By some reckonings, the US workforce will be 40% temped by 2019. In the creative professions, that's probably going to be even higher, and the ability to pick and choose gigs and work your own schedule is powerful enticement for some. But if you've been tempted to join the ranks of hired guns, be warned you'll have to start worrying about a few dozen things staff workers are barely even aware of.
Welcome, for instance, to the wonderful world of self-employment taxes, which are like personal taxes only more so. You'll also have to negotiate your own contracts, maintain your own hardware and software, track down your own clients, do your own marketing, and if you live in the US, pay for your own health insurance. It's almost like having a full-time job on top of your full-time job.
Which isn't to say it's unmanageable or not worth it, but it takes a certain kind of temperament and a healthy dose of knowing-what-you're-getting-yourself-into. If you're contemplating a freelance switch, there are plenty of online resources available to get your ducks in a row: check out the aptly named Freelance Switch blog for one, and Creative Seeds' articles on freelance rates, taxes, contracts, intellectual property, self-promotion, and workspaces. Or ask a freelancer friend.
Of course, if you don't want to go it entirely alone, there are choices beyond just Lone Ronin and Office Drone, especially lately.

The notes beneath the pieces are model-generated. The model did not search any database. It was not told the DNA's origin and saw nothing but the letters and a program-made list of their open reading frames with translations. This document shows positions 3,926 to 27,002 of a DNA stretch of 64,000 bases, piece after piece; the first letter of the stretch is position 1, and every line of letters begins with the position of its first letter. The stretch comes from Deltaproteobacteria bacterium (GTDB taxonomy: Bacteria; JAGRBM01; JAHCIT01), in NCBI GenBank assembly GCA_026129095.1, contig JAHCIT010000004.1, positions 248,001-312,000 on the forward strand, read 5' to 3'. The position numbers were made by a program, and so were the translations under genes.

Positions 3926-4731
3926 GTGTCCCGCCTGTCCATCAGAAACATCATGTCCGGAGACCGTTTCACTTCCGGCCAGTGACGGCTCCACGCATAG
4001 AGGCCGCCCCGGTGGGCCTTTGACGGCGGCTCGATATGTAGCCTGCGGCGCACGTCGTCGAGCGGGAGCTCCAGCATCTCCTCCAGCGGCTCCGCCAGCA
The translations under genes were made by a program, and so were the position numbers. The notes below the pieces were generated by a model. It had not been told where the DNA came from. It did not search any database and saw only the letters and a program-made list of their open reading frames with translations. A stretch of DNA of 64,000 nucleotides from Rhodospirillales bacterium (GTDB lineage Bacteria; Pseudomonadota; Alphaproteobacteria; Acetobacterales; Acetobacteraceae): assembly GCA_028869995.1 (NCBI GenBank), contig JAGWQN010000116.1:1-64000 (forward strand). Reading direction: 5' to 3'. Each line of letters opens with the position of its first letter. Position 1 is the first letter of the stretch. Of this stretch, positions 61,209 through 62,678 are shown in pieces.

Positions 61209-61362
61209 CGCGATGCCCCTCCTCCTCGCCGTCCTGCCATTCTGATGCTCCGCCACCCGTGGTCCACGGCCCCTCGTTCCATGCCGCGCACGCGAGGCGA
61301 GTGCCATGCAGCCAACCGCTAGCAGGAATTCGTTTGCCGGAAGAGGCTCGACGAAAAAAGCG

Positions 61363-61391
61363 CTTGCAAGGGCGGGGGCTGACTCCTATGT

The recent fervor for coworking marks the start of a new era of non-traditional working arrangements, available in a rainbow of flavors. Your workweek, for example, could include an occasional shared day at a friend's apartment or a neighborhood coffeeshop, or an online-organized event like Jelly. Or you could set up occasionally in a hot-desk space like SF's Hat Factory, or somewhere with semi-permanent workspaces, like Independents Hall in Philly.
Got a group of friends you really like working with? Why not make it official? More and more creative professionals are finding it cost effective to pool their cash and rent a shared commercial space, letting them create a dream office minus the cubicles and politics. Getting even tighter, like-minded freelancers can conglomerate into something like Portland's TenPod, a "creative services coop" comprised of ten independent companies who work, and sometimes collaborate, in a single space designed by one of its resident architects.
Check the Coworking Google Map to figure out where to start, and drop in for a session. Unless there's an accountant on hand, though, you'll still be responsible for your own taxes.
Carl Alviani is a former engineer, teacher and freelance industrial designer, and has worked in basements, metal shops, coffee shops, cubicles and tin-roofed shacks. He currently serves as editorial director at Coroflot.com and is a frequent contributor at Core77.